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Dr. Barry Eppley

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Archive for the ‘stem cells’ Category

The Role of Stem Cells in Injectable Fat Grafting

Sunday, February 20th, 2011

The continuing evolution of fat grafting in plastic surgery has seen it become more dependable as well as new applications being developed. Popular target areas for fat grafting have focused on the face, breast, and buttocks. Some equate fat injections to that of synthetic injectable fillers. But beyond their injectability, there are used for entirely different purposes. Fat grafting is for larger volume problems and are used in the hope they provide some more permanent effect.

Fat grafting is not the equivalent of typical injectable fillers. Instead, it is less stiff and behaves more like a liquid…it has little substantative pushing effect on a specific tissue site. That is why if you try and use injected fat to lift up or diminish a fold or wrinkle, it does not work very well. Regardless of whether it even survives, it does not have a focused displacement effect. For areas that are very adherent, such as deep creases, folds, and lines, it just can not efface them. These commonly perceived areas of fat injections have high failure rates and that experience contributed to the perception that injected fat doesn’t work very well. Fat injections are best used as a volume fillers for the treatment of facial contour areas.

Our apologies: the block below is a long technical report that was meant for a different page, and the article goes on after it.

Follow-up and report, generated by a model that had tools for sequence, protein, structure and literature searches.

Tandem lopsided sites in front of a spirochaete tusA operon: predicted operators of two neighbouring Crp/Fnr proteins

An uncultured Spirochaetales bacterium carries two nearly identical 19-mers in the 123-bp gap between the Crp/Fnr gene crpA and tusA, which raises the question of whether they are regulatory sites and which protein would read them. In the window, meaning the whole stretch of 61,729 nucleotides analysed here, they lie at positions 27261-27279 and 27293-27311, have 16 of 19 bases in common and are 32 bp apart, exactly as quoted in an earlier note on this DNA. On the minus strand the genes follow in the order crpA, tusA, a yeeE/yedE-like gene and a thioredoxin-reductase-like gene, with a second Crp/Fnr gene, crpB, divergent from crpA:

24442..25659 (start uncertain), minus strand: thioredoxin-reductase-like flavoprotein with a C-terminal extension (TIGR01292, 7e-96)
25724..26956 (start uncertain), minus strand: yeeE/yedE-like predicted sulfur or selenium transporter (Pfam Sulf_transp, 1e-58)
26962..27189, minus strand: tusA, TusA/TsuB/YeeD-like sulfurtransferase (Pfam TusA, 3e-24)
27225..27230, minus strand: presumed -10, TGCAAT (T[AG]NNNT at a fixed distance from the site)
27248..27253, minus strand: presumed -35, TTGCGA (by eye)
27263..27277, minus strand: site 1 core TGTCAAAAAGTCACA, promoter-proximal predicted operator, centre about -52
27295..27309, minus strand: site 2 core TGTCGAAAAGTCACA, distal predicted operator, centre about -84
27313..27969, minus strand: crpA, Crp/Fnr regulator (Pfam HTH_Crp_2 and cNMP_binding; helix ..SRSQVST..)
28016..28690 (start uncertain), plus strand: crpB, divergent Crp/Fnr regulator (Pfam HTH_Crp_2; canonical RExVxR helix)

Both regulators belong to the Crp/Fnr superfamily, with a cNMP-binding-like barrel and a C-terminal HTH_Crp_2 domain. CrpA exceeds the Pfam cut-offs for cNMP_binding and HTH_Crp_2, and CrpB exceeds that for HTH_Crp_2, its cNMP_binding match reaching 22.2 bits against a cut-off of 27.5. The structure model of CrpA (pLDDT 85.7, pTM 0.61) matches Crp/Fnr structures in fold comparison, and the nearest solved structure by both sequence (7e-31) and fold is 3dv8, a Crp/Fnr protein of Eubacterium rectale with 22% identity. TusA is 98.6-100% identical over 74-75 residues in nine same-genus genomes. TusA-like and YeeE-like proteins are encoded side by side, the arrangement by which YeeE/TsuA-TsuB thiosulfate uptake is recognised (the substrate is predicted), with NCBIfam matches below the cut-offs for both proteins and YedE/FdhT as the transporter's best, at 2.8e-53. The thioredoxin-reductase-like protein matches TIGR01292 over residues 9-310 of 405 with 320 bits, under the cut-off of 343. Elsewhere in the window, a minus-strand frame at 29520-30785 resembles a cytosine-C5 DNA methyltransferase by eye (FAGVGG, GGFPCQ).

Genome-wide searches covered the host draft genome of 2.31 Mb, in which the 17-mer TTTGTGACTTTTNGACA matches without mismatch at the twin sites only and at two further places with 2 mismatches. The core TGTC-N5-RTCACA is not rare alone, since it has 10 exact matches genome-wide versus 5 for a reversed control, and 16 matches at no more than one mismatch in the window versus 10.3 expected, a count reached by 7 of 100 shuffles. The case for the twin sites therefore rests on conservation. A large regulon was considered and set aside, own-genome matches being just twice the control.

The biggest reason that fat grafting has become more accepted today is technology. Advances in harvest methods and processing (concentration) are the two main areas of improvement. Less traumatic harvesting methods that enable better quality fat to be obtained creates fat tissue that even looks better. Getting rid of extraneous liquids and debris, whether it be centrifugation or less powered purification methods, creates a more homogenous injectate material.

But the one thing that has really tipped the balance to wider acceptance and usage is that of stem cells. The realization that high concentrations of stem cells reside in fat has raised the potential that they can be used for better volume preservation and even promote healing in difficult wounds. The stem cell has been given magical properties even though whether it really has any benefit to a fat injection is far from an established medical fact. Many anectodal claims are being made about skin quality improvement and anti-aging tissue effects. While the science has yet to provide proven support of these observations, the potential of it has propelled injectable fat transplantation into one of the hottest topics in all of plastic surgery today. Once scourned and held in disrepute by most plastic surgeons, fat grafting today has undergone a complete reversal of medical acceptance…and the well known stem cell is helping it along.